Australians expect high quality aged care. Why can’t they get it?

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A research paper, published in the lead-up to the aged care royal commission’s final report to be handed down on 26 February, highlights the need for change in the sector and shows there is strong community support for higher quality service delivery.

The research paper from Flinders University, which came out on Tuesday, used data from three national surveys conducted for the royal commission and found that the share of people who feel their care needs are always met is only 24 per cent in residential care, and only 20 per cent in home care. 

These results are for all key aspects of care, including whether care recipients feel appropriate action is taken to address their complaints.

The level of satisfaction was well below community expectations, with the survey of the general public revealing that at least 15 per cent of the public considered that people receiving care must ‘always’ have their needs met across all attributes for the care to qualify as ‘satisfactory’.

Even extending the view of ‘satisfactory’ care to mean that it ‘mostly’ meets peoples’ needs, aged care in Australia still fell short of this target with the share of care recipients meeting this lower threshold just 58 per cent for residential care and 50 per cent for home care.

In a separate survey, the authors found that most Australian adults viewed aged care as a vital social service, with all key aspects of care considered important or very important by the vast majority.

People with a greater understanding of aged care tended to have slightly greater appreciation of the importance of all aspects of care, while women and older people were also the most likely to consider all aspects of care to be important or very important.

The community’s strong desire for older people to be cared for appropriately was also reflected by the majority of current taxpayers agreeing they would be willing to pay more to support aged care.

The majority of current income taxpayers (61 per cent) indicated they would be willing to pay more income tax to support aged care.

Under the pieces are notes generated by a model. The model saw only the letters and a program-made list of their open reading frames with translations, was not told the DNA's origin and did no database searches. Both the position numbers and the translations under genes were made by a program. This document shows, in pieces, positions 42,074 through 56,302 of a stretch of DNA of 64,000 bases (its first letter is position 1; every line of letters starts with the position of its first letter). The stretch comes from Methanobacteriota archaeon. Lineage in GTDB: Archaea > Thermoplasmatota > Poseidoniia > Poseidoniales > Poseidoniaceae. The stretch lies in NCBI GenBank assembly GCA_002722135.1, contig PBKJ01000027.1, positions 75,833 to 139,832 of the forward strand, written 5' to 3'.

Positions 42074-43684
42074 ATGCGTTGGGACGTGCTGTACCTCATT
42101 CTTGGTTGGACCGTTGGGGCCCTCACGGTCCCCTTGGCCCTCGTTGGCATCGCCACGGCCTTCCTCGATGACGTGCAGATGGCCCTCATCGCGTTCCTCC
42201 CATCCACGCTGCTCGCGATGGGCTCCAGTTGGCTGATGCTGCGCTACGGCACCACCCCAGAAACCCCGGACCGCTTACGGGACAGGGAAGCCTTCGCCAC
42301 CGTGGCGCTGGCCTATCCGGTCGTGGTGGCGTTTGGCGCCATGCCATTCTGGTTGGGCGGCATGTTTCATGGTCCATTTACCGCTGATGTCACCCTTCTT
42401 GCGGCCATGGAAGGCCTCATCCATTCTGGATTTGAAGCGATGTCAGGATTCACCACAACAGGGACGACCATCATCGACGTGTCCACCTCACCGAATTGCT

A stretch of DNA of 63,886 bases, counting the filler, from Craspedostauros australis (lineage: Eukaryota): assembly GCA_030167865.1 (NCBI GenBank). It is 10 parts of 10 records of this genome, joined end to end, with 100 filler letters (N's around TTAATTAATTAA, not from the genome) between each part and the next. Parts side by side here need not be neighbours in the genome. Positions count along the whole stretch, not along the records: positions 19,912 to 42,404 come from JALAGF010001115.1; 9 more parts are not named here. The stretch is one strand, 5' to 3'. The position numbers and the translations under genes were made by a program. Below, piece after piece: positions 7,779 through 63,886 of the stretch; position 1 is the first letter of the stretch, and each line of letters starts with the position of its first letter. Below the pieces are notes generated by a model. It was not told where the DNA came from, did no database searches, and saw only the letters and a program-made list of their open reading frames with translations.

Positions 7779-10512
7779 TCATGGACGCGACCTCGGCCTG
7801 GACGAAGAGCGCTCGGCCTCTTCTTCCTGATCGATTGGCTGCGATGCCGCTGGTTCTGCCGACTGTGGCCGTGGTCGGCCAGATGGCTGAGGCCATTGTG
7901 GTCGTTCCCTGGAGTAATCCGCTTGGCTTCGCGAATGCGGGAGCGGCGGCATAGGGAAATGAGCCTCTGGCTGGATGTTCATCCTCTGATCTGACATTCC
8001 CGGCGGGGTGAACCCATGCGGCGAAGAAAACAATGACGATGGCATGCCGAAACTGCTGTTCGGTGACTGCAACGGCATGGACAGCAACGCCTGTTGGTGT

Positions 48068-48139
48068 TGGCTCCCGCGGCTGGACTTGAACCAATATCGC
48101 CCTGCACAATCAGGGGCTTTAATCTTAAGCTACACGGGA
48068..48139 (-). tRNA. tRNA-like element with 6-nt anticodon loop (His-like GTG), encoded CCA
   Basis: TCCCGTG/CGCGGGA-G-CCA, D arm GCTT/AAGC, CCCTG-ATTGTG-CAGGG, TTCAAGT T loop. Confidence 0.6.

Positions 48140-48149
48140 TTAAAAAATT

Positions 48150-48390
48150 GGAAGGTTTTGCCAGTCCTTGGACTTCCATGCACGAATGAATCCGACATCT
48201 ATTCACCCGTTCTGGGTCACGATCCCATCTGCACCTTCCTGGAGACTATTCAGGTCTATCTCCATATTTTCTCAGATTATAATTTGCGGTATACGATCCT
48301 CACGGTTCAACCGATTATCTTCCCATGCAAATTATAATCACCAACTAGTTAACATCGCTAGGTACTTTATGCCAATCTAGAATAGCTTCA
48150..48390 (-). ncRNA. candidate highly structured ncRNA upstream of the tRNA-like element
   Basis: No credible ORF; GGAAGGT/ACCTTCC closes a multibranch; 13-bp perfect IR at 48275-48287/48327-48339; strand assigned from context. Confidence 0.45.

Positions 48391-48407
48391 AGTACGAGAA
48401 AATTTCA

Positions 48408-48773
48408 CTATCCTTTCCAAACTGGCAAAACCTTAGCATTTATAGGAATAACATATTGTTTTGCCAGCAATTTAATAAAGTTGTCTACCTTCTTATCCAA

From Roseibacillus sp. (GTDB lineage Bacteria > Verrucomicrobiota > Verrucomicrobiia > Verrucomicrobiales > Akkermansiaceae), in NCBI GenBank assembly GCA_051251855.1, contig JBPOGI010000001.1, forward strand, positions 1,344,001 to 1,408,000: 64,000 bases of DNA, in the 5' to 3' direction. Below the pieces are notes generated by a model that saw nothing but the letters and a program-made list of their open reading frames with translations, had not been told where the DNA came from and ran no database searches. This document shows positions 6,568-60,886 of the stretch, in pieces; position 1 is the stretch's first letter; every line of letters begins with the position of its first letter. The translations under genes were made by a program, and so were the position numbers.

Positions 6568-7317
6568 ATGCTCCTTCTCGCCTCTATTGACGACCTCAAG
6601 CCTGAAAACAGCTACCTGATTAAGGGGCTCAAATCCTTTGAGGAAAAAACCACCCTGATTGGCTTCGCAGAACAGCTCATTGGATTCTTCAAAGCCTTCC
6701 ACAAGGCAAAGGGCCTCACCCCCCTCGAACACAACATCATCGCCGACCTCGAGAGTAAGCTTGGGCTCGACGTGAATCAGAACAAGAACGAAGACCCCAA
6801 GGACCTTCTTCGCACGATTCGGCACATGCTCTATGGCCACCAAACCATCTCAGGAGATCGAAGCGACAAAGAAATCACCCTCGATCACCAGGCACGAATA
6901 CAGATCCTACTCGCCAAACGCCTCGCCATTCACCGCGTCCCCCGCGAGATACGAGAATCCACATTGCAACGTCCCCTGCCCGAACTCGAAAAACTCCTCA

These taxpayers were willing to pay an additional 1.4 per cent per year on average to ensure that all Australians in need have access to a satisfactory level of quality aged care, and an additional 3.1 per cent per year on average to ensure that all Australians in need have access to a high level of quality aged care.

Would you be happy for the federal government to spend more money on the aged care sector to ensure all Australians can access high-quality aged care? What are you expecting the from the aged care royal commission’s final report?

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Written by Ben


Total Comments: 4
  1. 4

    Here we go again! Some university person has issued a thought bubble. I’d prefer to read the Aged Care Royal Commission’s final report to be handed down on 26th February which will be based on actual extensive research.

  2. 1

    Aged care is, unfortunately, seen as a business opportunity rather than a service. Why else would there be private operators if it were not lucrative. My experience having both parents spend their last days in aged care is such that I will resist any attempts to place me into a fee charging Gods waiting room. The operators, even before covid, spent large amounts money on consultants services to produce ‘systems’ which are more interested in protecting the operators from litigation than in providing the residents with a dignified and comfortable end of life experience. My dad died in hospital but my mum died in her room with family present and when informed of her passing the managements first question to me was when will she be removed by the funeral director so they can clean and re allocate her room. Callous bastards.

  3. 0

    I’d like to have the home service to comment! So far I’ve been unable to qualify, at age 92 perhaps that I am still able to do most of my chores should be regarded as a blessing. I’ve checked many age care facilities on the internet none of them appeal to me especially the high cost involved.

  4. 0

    My mother died at age 95 in a wonderful nursing home in Perth that really looked after her. We live on the mid north coast of NSW. This was in 1995 however and I think the complex of independent living units, then hostel and nursing home was owned by a church group.



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